From the moment Max Landis tweeted that first tweet, a non-insignificant portion of the Star Wars fanbase decided that Rey was unrealistic and the evidence of some sort of feminist agenda that aimed to destroy Star Wars; it isn’t difficult to see how little time it took for people to connect the dots between Kathleen Kennedy, the current president of Lucasfilm and their imagined feminist agenda. After all, Kennedy is a woman, why wouldn’t she be behind the feminist plot to ruin their precious Star Wars. It was perhaps the worst time to be three things at once: online, a Star Wars fan, and a woman or girl. Thank god I was only on Tumblr.
The thing about that dismissive treatment is that it implies that women are inherently less capable than men, and that to pretend that a woman can be more capable than a man is unrealistic and a sign of poor writing. This is what the term Mary Sue means, perhaps it meant something different in the 70s, but this is what it’s been twisted into.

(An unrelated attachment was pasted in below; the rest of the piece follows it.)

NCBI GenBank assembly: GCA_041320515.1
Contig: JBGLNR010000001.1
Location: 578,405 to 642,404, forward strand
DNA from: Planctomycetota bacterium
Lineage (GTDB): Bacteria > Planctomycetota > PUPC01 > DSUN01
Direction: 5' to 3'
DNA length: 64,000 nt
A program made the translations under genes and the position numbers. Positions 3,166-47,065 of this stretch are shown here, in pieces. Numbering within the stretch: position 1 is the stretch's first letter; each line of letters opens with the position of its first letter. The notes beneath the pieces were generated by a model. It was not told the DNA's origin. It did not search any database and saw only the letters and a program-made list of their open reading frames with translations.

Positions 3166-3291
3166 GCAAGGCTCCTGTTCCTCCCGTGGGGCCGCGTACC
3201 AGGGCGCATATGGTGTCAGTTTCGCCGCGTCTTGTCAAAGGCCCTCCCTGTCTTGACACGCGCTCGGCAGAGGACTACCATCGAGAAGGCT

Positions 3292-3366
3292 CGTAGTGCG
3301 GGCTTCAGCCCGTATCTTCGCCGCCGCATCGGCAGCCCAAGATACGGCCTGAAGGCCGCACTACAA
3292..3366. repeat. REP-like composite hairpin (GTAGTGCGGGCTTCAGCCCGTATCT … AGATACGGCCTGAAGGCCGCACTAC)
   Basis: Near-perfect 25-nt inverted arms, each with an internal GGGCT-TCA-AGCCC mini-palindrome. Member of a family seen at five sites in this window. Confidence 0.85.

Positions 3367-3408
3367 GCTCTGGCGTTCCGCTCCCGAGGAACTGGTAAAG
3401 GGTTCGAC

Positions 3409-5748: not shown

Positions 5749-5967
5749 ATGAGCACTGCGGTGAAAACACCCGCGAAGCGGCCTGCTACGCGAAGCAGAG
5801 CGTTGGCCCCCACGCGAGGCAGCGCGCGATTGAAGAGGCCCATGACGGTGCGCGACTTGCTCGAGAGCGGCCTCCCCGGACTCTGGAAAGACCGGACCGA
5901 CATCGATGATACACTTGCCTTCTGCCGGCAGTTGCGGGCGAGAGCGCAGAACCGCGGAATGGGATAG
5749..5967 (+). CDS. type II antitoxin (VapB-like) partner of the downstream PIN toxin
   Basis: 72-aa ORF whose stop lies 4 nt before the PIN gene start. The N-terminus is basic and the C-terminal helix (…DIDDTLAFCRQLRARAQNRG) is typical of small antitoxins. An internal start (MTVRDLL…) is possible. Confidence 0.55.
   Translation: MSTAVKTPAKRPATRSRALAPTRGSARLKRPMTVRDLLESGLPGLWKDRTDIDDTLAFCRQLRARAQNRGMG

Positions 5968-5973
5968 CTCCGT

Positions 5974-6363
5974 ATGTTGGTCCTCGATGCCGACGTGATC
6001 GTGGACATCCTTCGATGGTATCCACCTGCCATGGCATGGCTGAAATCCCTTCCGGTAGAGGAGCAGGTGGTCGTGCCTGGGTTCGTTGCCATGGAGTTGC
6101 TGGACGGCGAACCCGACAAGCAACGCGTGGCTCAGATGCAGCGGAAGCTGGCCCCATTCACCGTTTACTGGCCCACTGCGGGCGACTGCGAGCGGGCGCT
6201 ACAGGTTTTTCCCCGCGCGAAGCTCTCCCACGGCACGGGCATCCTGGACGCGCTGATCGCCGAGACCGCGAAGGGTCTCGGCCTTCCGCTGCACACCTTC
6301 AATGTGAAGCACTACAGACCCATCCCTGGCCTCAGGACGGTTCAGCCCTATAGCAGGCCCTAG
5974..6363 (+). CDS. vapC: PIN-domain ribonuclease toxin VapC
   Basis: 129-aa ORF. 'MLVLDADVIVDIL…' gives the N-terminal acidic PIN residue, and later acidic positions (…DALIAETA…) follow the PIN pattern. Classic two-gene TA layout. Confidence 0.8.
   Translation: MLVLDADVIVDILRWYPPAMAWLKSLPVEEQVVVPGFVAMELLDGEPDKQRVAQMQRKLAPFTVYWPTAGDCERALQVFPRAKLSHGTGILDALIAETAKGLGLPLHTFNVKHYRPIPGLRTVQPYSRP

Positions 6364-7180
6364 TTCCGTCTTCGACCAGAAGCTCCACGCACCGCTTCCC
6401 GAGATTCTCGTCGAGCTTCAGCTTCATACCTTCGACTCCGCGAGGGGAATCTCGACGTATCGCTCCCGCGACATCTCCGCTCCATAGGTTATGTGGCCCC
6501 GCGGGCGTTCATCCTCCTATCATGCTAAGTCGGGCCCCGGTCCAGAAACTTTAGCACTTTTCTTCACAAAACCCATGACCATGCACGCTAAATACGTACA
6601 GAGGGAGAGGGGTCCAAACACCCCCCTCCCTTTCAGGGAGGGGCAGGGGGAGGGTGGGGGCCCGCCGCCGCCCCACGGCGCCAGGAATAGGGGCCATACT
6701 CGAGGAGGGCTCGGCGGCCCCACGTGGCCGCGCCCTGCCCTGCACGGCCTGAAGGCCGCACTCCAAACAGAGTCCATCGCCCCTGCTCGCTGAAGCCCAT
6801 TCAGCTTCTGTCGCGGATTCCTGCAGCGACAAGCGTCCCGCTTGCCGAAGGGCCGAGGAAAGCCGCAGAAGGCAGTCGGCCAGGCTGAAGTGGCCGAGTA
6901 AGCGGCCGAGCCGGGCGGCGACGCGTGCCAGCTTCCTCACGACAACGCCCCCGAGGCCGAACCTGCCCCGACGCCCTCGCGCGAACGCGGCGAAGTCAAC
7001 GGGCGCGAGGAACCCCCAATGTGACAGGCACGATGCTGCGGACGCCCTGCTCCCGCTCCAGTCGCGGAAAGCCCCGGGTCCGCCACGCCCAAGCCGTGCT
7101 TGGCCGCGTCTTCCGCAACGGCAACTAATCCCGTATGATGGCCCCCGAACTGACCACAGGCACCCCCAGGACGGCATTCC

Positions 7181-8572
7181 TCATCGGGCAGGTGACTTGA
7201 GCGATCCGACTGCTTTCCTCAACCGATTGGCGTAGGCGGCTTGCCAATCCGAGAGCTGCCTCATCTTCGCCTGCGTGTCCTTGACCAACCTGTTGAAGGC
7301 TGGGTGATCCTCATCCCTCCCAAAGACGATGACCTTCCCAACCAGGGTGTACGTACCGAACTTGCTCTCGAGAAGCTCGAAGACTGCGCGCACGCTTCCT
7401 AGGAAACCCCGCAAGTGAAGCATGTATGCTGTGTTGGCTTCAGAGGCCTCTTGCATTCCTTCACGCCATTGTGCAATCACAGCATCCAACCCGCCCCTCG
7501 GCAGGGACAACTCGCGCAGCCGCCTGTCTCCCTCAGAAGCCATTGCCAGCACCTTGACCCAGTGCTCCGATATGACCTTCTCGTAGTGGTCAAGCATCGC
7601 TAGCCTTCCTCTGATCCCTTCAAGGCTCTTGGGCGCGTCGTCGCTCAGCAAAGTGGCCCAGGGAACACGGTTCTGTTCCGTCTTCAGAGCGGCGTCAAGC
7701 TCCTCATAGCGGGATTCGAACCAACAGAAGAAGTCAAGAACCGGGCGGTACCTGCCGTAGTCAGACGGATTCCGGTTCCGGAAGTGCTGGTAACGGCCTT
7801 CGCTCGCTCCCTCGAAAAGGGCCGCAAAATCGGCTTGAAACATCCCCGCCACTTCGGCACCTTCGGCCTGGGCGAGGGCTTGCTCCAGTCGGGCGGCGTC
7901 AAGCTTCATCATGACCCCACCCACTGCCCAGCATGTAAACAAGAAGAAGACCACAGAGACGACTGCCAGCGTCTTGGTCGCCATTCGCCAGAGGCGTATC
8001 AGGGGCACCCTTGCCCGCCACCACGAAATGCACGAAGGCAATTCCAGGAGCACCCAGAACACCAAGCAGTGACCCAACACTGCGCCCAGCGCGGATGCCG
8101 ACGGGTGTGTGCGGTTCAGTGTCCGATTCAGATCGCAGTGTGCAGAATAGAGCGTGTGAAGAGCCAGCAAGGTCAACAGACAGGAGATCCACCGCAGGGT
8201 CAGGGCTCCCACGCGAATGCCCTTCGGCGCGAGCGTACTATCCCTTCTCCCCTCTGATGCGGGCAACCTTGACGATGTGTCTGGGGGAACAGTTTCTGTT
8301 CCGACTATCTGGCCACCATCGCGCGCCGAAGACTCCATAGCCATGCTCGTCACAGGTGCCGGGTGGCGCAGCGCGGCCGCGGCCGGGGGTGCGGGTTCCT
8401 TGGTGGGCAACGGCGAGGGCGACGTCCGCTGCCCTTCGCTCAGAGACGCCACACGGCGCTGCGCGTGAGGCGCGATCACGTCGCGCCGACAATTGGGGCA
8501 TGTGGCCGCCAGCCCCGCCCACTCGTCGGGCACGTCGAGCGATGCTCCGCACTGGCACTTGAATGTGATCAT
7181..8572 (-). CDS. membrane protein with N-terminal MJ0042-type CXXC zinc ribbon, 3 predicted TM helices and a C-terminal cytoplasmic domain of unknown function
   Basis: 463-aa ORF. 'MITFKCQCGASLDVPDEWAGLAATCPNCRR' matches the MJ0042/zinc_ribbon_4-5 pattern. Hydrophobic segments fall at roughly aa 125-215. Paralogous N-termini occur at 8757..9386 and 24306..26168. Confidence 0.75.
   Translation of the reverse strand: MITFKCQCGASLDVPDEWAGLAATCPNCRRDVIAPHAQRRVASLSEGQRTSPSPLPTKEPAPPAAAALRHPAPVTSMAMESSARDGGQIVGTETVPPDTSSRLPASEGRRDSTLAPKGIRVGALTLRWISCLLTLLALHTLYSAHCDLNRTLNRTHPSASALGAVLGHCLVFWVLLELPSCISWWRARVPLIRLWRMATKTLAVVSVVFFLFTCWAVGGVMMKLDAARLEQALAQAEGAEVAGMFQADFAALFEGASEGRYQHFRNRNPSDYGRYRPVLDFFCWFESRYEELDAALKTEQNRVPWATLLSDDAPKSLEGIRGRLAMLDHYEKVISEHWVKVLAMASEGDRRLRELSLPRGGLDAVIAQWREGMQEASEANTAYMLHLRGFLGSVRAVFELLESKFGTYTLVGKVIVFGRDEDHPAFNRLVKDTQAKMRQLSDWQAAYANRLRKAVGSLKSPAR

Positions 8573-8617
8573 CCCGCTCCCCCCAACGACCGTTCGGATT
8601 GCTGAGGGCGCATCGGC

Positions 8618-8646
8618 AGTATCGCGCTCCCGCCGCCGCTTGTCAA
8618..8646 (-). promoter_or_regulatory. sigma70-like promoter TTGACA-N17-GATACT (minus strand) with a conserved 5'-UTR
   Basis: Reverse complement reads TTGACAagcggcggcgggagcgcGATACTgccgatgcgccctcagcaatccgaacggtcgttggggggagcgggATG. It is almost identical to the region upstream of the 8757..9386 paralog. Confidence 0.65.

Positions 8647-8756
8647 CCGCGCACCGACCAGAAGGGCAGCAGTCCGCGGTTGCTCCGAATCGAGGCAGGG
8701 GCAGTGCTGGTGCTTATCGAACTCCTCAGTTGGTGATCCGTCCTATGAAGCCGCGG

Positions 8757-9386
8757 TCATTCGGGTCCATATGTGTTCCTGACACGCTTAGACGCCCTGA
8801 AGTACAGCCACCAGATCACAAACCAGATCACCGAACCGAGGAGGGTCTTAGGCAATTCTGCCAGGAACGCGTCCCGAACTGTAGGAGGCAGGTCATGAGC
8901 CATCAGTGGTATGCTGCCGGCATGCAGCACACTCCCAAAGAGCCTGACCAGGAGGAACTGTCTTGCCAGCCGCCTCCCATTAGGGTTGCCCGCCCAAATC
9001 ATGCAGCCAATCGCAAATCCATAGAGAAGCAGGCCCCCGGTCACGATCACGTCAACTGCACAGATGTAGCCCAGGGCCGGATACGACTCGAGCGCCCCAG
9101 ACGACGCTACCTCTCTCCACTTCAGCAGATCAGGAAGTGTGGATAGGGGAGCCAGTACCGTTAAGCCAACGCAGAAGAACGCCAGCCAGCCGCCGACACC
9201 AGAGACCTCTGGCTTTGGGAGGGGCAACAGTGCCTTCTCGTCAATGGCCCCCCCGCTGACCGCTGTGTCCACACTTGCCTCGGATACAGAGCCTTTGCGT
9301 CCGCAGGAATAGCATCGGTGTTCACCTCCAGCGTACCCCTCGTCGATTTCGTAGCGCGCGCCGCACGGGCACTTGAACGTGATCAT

Rey is no more a Mary Sue than Luke Skywalker is, and if she is a little “unrealistic” so is Star Wars. Believe it or not, the Jedi don’t exist and neither does The Force. If you can suspend your disbelief for that, why can’t you accept the fact competent women do in fact exist in real life and aren’t some sort of grand conspiracy from the left or something that exists only in badly-written stories. Rey isn’t a Mary Sue, she’s just a woman who happens to be good at things.